Answers to commonly asked questions about lifestyle.
What is your background?
I was born in March of 1986. I was a notoriously distracted student in high school, I tried attending a few art classes in college before realizing that it was not the right environment to learn the things I was interested into.
I was first interested in illustration and motion graphics. I soon started writing music to complement the pictures and animations, and finally I began implementing interaction and turn these multimedia pieces into games, websites and tools.
Where do you work?
I work at a research studio aboard a sailboat, called Hundred Rabbits, where we do experiments in resilience and self-reliance using low-tech solutions.
What do you do during the daytime?
The ways in which I spend my time varies wildly from day to day, but mostly experimental research, my interests include alternative ways to store power and minimum viable solutions for technological tooling.
What is your routine?
I go to bed choosing one thing to accomplish the next day, I wake up to tackle this singular task. I tend to work only in the morning, get everything done before lunch. The afternoons, I spend mostly reading and learning things to help me solve the next day's task. I usually wake up with the sun, and sleep soon after sunset.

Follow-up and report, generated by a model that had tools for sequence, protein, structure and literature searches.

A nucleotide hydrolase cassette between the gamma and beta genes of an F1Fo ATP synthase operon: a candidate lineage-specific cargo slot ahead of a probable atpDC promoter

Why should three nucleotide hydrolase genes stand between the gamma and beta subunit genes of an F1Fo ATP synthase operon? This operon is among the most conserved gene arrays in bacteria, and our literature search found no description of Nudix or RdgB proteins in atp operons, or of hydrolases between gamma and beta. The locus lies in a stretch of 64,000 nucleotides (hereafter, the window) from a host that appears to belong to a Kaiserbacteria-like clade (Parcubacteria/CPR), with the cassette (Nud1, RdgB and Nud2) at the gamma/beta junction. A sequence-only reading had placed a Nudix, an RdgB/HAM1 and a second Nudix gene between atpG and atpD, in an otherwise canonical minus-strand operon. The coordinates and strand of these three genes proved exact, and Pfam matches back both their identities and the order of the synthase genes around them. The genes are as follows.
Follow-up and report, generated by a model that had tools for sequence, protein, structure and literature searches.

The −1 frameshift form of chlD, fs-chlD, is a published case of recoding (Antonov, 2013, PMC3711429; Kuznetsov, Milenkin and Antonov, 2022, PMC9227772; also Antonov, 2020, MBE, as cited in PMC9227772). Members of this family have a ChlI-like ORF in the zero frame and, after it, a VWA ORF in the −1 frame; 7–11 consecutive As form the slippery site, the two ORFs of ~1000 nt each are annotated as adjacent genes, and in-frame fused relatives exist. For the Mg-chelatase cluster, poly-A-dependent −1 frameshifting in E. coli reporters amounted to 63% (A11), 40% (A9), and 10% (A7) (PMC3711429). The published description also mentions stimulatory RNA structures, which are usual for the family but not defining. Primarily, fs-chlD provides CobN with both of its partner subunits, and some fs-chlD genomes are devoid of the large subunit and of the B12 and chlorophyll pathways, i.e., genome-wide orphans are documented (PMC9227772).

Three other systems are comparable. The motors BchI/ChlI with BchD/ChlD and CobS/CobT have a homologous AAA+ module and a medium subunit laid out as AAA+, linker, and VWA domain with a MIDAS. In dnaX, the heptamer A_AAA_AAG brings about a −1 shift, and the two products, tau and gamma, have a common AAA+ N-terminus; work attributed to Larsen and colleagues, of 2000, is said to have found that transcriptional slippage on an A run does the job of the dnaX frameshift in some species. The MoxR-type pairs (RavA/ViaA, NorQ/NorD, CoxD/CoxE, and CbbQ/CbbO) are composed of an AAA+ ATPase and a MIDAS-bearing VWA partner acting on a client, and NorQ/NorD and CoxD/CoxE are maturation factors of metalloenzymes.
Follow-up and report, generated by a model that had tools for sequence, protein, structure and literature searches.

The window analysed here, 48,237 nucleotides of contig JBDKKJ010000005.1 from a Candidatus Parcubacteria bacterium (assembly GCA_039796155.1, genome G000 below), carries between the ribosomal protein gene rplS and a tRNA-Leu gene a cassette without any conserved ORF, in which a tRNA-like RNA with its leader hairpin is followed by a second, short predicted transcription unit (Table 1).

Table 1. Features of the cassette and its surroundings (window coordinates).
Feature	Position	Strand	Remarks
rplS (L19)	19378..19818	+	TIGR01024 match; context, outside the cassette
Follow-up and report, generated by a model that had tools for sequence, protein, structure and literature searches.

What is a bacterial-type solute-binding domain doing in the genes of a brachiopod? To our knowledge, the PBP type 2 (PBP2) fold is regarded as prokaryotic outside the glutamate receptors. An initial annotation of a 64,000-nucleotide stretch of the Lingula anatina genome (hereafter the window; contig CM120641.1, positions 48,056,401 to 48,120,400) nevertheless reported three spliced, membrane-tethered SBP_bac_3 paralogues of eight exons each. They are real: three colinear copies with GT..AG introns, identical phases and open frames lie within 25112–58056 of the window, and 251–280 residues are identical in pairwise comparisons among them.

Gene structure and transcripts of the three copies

Where do you go to get inspired?
I share a forum with a few online friends and whenever I am looking for a new favourite thing, or some help — I know I can find it there. Everyone should build a network, a place where they can feel comfortable to experiment, show works-in-progress and exchange on the topics of art and science in a safe place among like-minded people.
Why do you think people should travel more?
I found travel to be a good catalyst toward learning new languages, for developing an interest in foreign cultures and ultimately for building empathy, curiosity and creativity.
How do you draw the line between what is published, and what stays private?
Working behind an avatar and living online through a proxy name offers a good healthy distance between the work and the self.
The Devine Lu Linvega project focuses on making explicit the reflections, and techniques for the creative process. My intimate life, my health, my friends and family are outside of the scope of this project.
What made you want to explicitly share the creative process as a project?
In my early years of journaling, I accidentaly stumbled on the feedback loop that exists between the Work, and its documentation. The aspiration that transpired from documenting through the lens of fiction bordering on self-insertion, which manifested as real changes in my life, was endlessly fascinating. I thereafter modeled the Devine Lu Linvega project over things like the Divine Comedy, Etidorhpa or Alice, which are fictional travel journals.